The oil and gas sector’s infamous plummet roughly eight years ago had a dire impact on Calgary’s downtown core — as reflected by both poor absorption of office units and tepid renter demand for city centre condos —but there are strong indicators that change is afoot.
According to Greg Kwong, CBRE’s Managing Director for the Prairies, while downtown Calgary’s office vacancy rate rose to 34% by the end of 2021—an all-time high, he says—tech companies have recently begun leasing space in the city’s core. Although still early, Kwong believes more companies will follow suit.
“It’s certainly a burgeoning sector we’re watching,” says Kwong. “If you look at overall occupancy for downtown Calgary, I’d suggest that less than 5% is occupied by true tech, and tech-related, companies, but having said that, four years ago it was less than 2%, so the growth is quite good.”
As long as the oil and gas sector is in the doldrums, though, office vacancies downtown will remain elevated. Of the 44 million square feet of office space in downtown Calgary, just over a third is vacant.
However, that gives leasers significant leverage.
“With any type of trend, when you see new companies come into town, everybody says, ‘Hey, maybe it’s not so bad. Maybe downtown is a good place to be,’” he said. “So we totally expect more of the vacant space to be leased by tech companies over the next few years.”
Could Emergence of Tech Boost Calgary’s Condo Investment?
In addition to Google’s recent absorption of city centre office space, other notable tech firms like Symend and Benevity have also opened offices. That bodes well for condo investors in the city’s core, who have struggled in recent years to fill vacancies, because people generally prefer living close to work. If this emergent trend holds, there could be significant demand for rentals in the near future.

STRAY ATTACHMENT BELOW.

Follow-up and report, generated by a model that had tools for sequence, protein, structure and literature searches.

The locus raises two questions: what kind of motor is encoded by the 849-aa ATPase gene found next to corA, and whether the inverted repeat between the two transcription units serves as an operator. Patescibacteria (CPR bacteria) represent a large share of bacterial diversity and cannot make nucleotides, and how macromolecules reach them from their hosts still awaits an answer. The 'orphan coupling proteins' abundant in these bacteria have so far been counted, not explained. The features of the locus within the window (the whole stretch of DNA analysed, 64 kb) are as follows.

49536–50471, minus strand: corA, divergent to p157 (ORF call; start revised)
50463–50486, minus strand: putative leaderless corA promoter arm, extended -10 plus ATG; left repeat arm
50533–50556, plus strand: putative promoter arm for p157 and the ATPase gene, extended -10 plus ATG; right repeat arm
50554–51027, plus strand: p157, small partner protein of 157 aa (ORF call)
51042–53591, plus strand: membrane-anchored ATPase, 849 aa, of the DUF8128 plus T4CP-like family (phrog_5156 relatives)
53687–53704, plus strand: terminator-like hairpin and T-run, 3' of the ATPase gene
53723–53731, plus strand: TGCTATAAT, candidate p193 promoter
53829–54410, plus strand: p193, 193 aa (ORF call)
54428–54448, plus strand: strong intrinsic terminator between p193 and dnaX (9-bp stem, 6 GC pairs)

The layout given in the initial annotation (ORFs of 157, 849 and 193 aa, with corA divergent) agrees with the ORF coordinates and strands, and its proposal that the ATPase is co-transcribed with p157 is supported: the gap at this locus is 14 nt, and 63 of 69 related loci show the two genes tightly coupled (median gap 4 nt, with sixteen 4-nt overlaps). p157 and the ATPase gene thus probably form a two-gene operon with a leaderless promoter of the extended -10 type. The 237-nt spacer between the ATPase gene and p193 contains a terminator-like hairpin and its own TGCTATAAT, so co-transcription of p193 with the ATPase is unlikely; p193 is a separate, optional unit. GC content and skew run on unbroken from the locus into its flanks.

The city’s residential market, on the other hand, has enjoyed huge growth in the last year, which Natasha Phipps, an investment specialist and realtor with CIR Realty, attributes to out-of-province investors’ outsized presence. Condo inventory has decreased to about four months from five, but demand is strongest in the preconstruction high-rise market. Phipps added that demand wouldn’t be as strong if it weren’t for a salient fundamental rebounding.
“Industry is coming to Calgary. The city was heavily weighted into the energy sector but it’s nice to see diversification in the local economy because it’s the only thing that will protect the city and province from falling victim to another boom and bust cycle,” she said.
The Calgary Cancer Centre, billed as an internationally recognized treatment and research facility, is slated to open late next year, and while it will be in the city’s northwest instead of downtown, it’s yet more evidence that headwinds are turning into tailwinds.
Scarce Supply of Detached Boosts Condo Segment
Moreover, Calgary’s detached housing market was white-hot in 2021, with 17,038 sales that were just shy of a record set in 2005 and 40% above the long-term averages, according to the Calgary Real Estate Board. With only 898 units of inventory remaining in December, the real estate board noted that there have never been fewer detached homes available for sale. While those houses are affordable compared to Canada’s three largest cities, scarce supply has sparked bidding wars and made condos all the more appealing.
It just so happens that a lot of those condos are located downtown.
“You can see improvement starting to happen in the city centre, where there’s positive appreciation for condo apartments,” Phipps said. “There are different economic sectors downtown. There are new businesses, especially in a sector like tech, and a lot of individuals want to live close to where they work. They want that type of lifestyle, and any new business will help with the absorption of condo inventory we’ve had sitting downtown for years now.”
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